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Reporter’s Notebook: Gone With the Wind?

Ward’s writers pass along the buzz at this week’s North American International Auto Show in Detroit.

Old-School Smack-Talk

Daimler CEO and Chairman Dieter Zetsche reminds that 2011 marks the 125th anniversary of the car, invented by Gottlieb Daimler and Carl Benz.

“There’s a little piece of Mercedes in every car,” he says, “although, we certainly do not take responsibility for what every other manufacture has done with it.”

Oh Say Can You See

Kia officials are none too happy that Chrysler's mammoth show-floor display here entirely obscures their booth, making it difficult to be located by journalists rushing to an interview (ahem).

Kia sales boss Tom Loveless says the location isn't so bad. Turns out the Korean auto maker is nicely situated near Toyota, an auto maker from which Kia is beginning to steal sales.

Fine Tuning

Daimler lends some refinement to the song “Mercedes Benz.

Made famous in a rough-edged a cappela version by Janis Joplin more than 40 years ago, the auto maker hires the Michigan Opera Theater Orchestra to perform a version before previewing the ’12 Mercedes C-Class for journalists Sunday.

The new C-Class, object of the brand’s most comprehensive facelift, makes its world debut today at the Detroit auto show today.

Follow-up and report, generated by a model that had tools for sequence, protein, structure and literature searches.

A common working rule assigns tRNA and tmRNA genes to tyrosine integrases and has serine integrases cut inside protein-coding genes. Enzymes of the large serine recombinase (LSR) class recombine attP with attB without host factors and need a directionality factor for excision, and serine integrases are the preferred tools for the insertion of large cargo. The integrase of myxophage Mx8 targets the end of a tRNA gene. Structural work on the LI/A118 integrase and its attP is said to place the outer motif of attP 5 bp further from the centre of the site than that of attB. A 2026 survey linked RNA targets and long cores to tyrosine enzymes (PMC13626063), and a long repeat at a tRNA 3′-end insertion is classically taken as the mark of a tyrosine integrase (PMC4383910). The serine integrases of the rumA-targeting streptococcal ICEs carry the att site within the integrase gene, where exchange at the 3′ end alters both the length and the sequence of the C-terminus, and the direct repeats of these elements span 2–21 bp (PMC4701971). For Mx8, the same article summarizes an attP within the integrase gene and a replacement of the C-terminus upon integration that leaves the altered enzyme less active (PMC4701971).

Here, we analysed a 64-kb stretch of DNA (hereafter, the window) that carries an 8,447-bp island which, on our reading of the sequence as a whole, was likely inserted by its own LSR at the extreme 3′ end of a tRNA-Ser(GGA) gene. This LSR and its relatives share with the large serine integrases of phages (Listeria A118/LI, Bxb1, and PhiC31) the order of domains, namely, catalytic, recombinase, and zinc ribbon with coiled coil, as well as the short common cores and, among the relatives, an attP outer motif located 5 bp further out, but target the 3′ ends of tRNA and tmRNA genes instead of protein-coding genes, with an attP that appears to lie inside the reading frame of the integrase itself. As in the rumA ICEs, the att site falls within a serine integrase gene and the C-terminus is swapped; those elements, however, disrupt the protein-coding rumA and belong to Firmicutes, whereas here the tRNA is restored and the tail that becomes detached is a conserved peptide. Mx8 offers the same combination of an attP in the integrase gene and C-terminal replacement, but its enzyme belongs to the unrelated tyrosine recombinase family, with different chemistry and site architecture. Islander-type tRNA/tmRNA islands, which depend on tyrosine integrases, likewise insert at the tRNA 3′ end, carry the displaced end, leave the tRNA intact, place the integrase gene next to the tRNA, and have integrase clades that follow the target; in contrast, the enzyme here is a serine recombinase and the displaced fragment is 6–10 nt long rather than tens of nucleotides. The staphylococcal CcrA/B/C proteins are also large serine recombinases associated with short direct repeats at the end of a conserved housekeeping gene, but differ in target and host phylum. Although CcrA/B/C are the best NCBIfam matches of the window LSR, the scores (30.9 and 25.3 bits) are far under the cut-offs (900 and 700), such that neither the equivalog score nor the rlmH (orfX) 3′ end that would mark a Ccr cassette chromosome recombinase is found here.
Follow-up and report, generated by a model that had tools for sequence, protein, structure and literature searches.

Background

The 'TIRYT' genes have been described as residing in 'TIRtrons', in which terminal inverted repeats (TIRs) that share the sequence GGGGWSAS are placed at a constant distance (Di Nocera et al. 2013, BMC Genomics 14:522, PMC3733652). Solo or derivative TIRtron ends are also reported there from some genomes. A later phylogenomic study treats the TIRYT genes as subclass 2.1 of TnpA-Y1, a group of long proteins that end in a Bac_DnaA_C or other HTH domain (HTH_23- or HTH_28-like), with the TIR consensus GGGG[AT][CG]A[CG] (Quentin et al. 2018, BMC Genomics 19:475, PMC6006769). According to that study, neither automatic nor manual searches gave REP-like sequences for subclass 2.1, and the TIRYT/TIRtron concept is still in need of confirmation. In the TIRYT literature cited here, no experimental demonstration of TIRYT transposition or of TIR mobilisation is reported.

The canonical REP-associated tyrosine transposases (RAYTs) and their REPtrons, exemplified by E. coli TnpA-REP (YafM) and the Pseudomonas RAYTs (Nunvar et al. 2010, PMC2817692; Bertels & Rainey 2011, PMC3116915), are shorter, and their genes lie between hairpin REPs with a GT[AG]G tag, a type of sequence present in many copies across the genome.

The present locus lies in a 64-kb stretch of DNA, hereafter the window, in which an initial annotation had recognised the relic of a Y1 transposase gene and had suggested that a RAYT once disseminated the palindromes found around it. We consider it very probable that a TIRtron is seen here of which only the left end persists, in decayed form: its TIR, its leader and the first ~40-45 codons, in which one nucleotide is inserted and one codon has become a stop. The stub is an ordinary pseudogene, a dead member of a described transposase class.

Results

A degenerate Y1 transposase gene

Gone With the Wind?

Nissan North America exec Carlos Tavares is effusive in his praise of other auto makers venturing into the electric-vehicle market during a speech at the Society of Automotive Analysts dinner before opening day at the auto show.

But it’s still best to be first, he says, noting technology leaders usually get the biggest benefit, a not-so-subtle reminder that the Nissan Leaf EV beat competitors to market.

We know Tavares is speaking about automotive, but we can’t help think of other technology leaders that were usurped by newer, shinier competition. Netscape Navigator comes to mind. Anyone remember Betamax?

A Little Patience

Things might look bleak for American Suzuki. Sales fell again last year, to 23,994 units. Ouch! Officials are upbeat at the show, saying the drop wasn't entirely unexpected as the auto maker transitions away from value-oriented pricing toward higher-end clientele.

But how much longer can the Japanese parent wait for the long-sought turnaround? "They are patient," AMSC President Kevin Saito tells Ward's with a smile.

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